17β-estradiolOVX ratStriatum[UPWARDS ARROW] D1 receptor density[332–334]
 17β-estradiolMale ratStriatum Shell and core regions Nucleus accumbens− On D1 receptor density[146]
D2 Receptor
 17β-estradiolOVX ratStriatum[UPWARDS ARROW] D2 receptor density [DOWNWARDS ARROW] Ratio of high to low agonist affinity binding states − On D2 mRNA levels[148,319,334–337]
 17β-estradiolOVX ratStriatum (anterior part) Nucleus accumbens Olfactory tubercle[UPWARDS ARROW] Density of D2 in striatum only[145,332]
 17β-estradiolMale ratStriatum Nucleus accumbens[DOWNWARDS ARROW] D2 receptor mRNA levels − on D2 receptor density[146]
 17β-estradiolOVX ratMidbrain[DOWNWARDS ARROW] D2 receptor density (long isoform)[147]
D3 Receptor
 17β-estradiolOVX ratIsland of Calleja Nucleus accumbens Anterior striatum VTA[UPWARDS ARROW] D3 receptor density[145,147]
 17β-estradiolOVX ratMidbrain[DOWNWARDS ARROW] D3 receptor mRNA levels[147]
 17β-estradiol benzoateOVX ratSN[UPWARDS ARROW] TH immunoreactive neurons[338]
 17β-estradiolMale ratOlfactory bulb[UPWARDS ARROW] TH protein content[339]
 ProgesteroneMale ratOlfactory bulb[UPWARDS ARROW] TH protein content[339]
 Estrone and estriolMale miceSN− on TH mRNA levels[187]
 17β-estradiolOVX monkeyCaudate nucleus Putamen[UPWARDS ARROW] TH immunoreactive neurons in dorsal regions[340]
 ProgesteroneOVX monkeyCaudate nucleus Putamen[UPWARDS ARROW] TH immunoreactive neurons in dorsal regions[340]
 17β-estradiol + progesteroneOVX monkeyCaudate nucleus Putamen[UPWARDS ARROW] TH immunoreactive neurons in dorsal regions[340]
 17β-estradiolMale miceSN pars compacta[UPWARDS ARROW] TH immunoreactive neurons[341]

Estrogens administered in an acute, chronic, or pulsatile mode, facilitate the release in DA induced by administration of amphetamine or apomorphine in ovariectomized (OVX) rat striatum [132] and nucleus accumbens [116,133]. Numerous earlier studies in rats have shown that various steps of dopaminergic neurotransmission vary during the estrous cycle [116]. High plasma concentration of estrogen is correlated with an increased release and degradation of striatal DA induced by amphetamine [133,134]. Ovariectomy induces a decrease in the release of DA that is corrected by estradiol [134,135]. There is also a sex difference, males responding with less intensity to amphetamines [136]. Chronic 17β-estradiol treatment increased 3-methoxytyramine (3-MT) concentrations in the intact and lesioned caudate nucleus and putamen of OVX monkeys and increased DA concentrations in the lesioned putamen [137]. The increased 3-MT levels in OVX monkeys are consistent with previous studies in OVX rats, showing that 17β-estradiol treatment increases striatal DA turnover [135]. 3-MT has been shown to be a good index of DA release [138].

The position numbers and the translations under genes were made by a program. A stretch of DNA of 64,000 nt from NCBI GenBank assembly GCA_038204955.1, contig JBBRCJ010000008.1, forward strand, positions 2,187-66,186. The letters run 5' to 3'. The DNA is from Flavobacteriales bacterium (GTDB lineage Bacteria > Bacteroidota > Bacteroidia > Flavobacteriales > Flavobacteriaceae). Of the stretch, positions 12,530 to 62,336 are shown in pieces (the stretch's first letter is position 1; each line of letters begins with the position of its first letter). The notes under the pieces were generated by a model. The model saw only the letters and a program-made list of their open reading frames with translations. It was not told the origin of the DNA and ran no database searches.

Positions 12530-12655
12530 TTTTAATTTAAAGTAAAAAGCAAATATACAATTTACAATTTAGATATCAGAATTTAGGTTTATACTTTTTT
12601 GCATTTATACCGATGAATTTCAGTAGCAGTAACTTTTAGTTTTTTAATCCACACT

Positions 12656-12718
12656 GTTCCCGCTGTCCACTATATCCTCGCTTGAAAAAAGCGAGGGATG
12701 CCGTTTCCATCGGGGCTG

Of the five DA receptors characterized, estradiol modulation was reported for D1, D2, and D3 receptors. Striatal D1 receptor density was shown to fluctuate during the estrous cycle [139]. Ovariectomy induces a decrease in the density of D1 receptors [140], corrected by chronic treatment with 17β-estradiol. This is observed when estradiol treatment is initiated shortly after ovariectomy, whereas after a long-term ovariectomy the receptor is no longer responsive [140,141].

Clinical and experimental studies have shown that D2 receptors fluctuate during the menstrual (estrous) cycle [142–144]. Ovariectomy in rats reduces the density of striatal D2 receptors corrected by estradiol treatment [116,145]. This increased density of D2 receptors by estradiol was also observed in animals lesioned with 6-hydroxydopamine (6-OHDA), indicating that estradiol modulates postsynaptic receptors [116]. In these studies, no difference in D2 receptor mRNA levels was observed [116,145]. Lammers et al. [146], found no increase in striatal D2 density in male rats treated chronically with estradiol associated with decreased striatal D2 receptor mRNA levels. In the midbrain, where DA neurons are located, a study shows that estradiol increased mRNA levels of the long isoform of D2 receptors [147]. In acute treatment, estradiol does not alter the density of D2 receptors but induces a change in proportion of high to low affinity agonist sites [148].

In rat, ovariectomy had no effect on D3 receptor density, measured by autoradiography [145]. Estradiol left unchanged D3 receptor, mRNA, and protein levels in male rats [146]. Estradiol decreases D3 receptor density in the Island of Calleja, the nucleus accumbens and the lateral striatum [145]. In the midbrain, a study showed that D3 receptor levels are reduced by estradiol [147].